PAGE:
Adam Sullivan’s July 6 column “Smoking law aging poorly” on Iowa’s smoking law is consoling for those who have had substantial exposure to secondhand tobacco smoke, citing research showing that this is less harmful than previously thought. But his argument also exposes the limits of libertarian thought.
The Koch brothers brand of libertarianism holds that if one’s freely chosen behavior cannot be shown to harm others, then regulating it is wrong. If secondhand smoke doesn’t cause cancer, then people should be able to smoke freely, as they are harming only themselves.
But what constitutes harm to others? Causing cancer may count, unless — in multiple cases for the Koch brothers — remedies cut too deeply into corporate profits. Sullivan ignores all the other costs of free smoking.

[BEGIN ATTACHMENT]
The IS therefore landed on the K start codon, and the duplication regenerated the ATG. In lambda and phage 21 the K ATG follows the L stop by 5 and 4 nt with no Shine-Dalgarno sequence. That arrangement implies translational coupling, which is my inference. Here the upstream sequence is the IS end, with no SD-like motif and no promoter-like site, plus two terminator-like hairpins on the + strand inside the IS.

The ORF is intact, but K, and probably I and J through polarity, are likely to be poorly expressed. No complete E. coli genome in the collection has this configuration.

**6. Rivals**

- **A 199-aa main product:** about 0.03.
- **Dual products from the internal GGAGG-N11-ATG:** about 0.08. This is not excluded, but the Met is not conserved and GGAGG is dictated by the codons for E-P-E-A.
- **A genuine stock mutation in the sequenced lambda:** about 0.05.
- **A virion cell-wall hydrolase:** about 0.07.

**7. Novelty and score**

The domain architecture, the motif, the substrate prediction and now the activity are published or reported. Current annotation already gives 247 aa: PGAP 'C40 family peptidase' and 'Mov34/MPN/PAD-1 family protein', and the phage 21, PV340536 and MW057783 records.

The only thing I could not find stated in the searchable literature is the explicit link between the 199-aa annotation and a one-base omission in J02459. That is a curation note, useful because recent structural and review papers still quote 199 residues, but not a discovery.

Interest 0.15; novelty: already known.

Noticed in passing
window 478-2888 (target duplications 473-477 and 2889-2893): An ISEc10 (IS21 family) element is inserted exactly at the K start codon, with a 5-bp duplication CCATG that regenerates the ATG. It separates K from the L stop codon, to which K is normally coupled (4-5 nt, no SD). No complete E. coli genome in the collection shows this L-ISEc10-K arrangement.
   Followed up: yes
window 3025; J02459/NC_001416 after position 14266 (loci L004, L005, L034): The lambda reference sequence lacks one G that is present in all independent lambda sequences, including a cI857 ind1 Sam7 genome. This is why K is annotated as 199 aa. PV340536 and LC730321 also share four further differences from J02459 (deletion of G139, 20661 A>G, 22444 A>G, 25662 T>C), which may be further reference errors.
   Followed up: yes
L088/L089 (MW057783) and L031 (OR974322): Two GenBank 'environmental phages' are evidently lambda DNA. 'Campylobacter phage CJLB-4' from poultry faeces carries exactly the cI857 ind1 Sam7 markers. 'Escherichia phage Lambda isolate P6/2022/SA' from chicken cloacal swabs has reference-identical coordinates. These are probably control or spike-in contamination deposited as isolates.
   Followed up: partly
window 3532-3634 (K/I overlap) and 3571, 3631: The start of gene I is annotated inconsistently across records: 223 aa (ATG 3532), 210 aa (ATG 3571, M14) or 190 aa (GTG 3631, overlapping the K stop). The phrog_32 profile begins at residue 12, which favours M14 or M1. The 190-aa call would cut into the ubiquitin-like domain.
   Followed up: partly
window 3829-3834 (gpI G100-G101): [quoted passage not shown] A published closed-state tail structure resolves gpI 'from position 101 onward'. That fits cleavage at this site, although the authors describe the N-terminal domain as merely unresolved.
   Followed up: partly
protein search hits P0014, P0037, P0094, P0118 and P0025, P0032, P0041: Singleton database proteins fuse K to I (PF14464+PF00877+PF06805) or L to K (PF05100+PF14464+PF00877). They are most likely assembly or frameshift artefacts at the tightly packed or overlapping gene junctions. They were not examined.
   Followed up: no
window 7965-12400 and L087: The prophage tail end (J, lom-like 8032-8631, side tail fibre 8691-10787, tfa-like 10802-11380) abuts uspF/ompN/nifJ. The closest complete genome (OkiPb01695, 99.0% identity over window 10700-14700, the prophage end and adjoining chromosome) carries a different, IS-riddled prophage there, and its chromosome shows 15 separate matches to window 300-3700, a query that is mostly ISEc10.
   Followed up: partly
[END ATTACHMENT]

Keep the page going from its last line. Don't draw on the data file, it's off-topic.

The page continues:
I attended university at a time when students and faculty could smoke in all classrooms, so I spent two to four hours each weekday in densely smoke-filled rooms. My laundry reeked. My eyes were sore. Each morning I coughed and spat my lungs clear. I don’t know what people with breathing problems did.
I agree that we should temper our temptations to use government to engineer individual behavior, but I would argue that we need to consider much more than life-threatening harm to others when deciding how to balance individual liberty and the common good.